Project: Research project

Project Details


The determination of the relationship between an enzymes' three-
dimensional structure and its catalytic function is the long-range
objective of this research. We have selected, as appropriate system for
such investigations, a number of enzymes in the flavoprotein reductase
family, which contain some of the most mechanistically intriguing and
physiologically important enzymes found in nature. They serve key roles
in oxidative stress management in humans and bacteria (erythrocyte
glutathione reductase and macrophage alkyl hydroperoxide reductase, NADH
peroxidase), and in trypanosomes (trypanothione reductase). They serve
to detoxify heavy metals (mercuric reductase) and in mammalian liver to
provide substrates for xenobiotic removal (glutathione reductase). They
play key roles in carbohydrate metabolism (lipoamide dehydrogenase) and
have been suggested to participate in the proper folding of proteins via
catalysis of disulfide bond formation and rearrangement (thioredoxin
reductase and the E. coli dsbA gene product). The amino acid sequences
of all of these proteins have been determined, and the high resolution
three dimensional structures of six members of the family, including all
the enzymes under investigation, have been reported. Evidence has been
obtained supporting a common rate-limiting proton transfer occurring in
of the oxidative half-reactions for four of these enzymes. The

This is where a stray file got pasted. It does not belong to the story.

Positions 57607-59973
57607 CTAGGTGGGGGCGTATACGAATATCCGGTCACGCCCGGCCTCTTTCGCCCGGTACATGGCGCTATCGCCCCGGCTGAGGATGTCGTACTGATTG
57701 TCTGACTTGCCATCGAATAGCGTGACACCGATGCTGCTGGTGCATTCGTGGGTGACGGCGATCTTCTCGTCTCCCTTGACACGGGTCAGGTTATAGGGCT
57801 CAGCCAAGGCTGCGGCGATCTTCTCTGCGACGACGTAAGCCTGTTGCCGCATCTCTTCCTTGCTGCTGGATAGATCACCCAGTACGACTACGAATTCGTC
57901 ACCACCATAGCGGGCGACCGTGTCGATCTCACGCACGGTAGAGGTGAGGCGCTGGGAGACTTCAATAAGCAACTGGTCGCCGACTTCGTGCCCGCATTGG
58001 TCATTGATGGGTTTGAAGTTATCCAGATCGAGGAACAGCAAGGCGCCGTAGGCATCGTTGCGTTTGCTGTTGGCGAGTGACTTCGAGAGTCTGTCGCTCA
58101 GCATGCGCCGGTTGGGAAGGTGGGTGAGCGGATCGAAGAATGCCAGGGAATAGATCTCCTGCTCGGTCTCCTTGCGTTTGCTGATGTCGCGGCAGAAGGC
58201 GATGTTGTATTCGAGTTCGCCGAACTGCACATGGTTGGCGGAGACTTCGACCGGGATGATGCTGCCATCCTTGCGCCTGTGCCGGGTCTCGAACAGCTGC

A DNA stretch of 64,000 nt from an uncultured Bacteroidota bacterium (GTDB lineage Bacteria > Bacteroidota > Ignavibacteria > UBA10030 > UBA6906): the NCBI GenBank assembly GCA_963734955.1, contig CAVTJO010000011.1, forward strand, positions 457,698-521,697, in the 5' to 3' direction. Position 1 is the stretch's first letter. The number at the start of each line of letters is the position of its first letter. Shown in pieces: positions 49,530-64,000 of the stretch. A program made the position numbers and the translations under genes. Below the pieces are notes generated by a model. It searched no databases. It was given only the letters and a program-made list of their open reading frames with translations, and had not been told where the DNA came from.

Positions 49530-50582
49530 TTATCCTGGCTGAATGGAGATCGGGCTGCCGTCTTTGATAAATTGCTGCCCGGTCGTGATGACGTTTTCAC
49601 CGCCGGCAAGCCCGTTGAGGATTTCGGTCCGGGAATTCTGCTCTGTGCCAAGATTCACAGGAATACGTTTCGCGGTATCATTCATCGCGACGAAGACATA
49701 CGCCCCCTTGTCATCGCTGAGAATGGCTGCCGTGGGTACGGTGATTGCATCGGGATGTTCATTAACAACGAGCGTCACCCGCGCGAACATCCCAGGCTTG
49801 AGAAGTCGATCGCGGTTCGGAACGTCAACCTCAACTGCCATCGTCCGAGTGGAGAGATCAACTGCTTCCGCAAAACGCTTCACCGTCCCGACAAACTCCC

transition state for hydride transfer between reduced pyridine nucleotide
and flavin has been determined for glutathione reductase, and a mechanism
for enzymatic transition state stabilization has been proposed based on
our studies and the structure of the enzyme-nucleotide binary complex.
the extension of these studies with human erythrocyte glutathione
reductase and trypanothione reductase from the parasitic protozoan,
Trypanosoma congolense, will include the testing of our hypothesis using
a combination of kinetic, isotopic, and mutagenic approaches. In both
these systems, the involvement of an ion pair between a glutamate
carboxyl and a lysine amino group in hydride ion stabilization will be
assessed by mutagenesis of the glutamate to a glutamine or aspartate
residue. Structural and isotopic investigations of the most
mechanistically unique, and enigmatic, of the reductases, NADH
peroxidase, will be continued. The enzymes discussed represent ideal
subjects for the detailed structure/function investigations proposed in
this grant due to the availability of cloned, sequenced and overexpressed
genes, high resolution three-dimensional structures, and favorable
spectroscopic and isotopic properties. These studies will provide a
detailed description of the molecular forces that are utilized by these
enzymes to stabilize the transition state for hydride transfer, one of
the simplest, but most central, chemical redox reactions in biology.
Effective start/end date2/1/931/31/94


  • Catalysis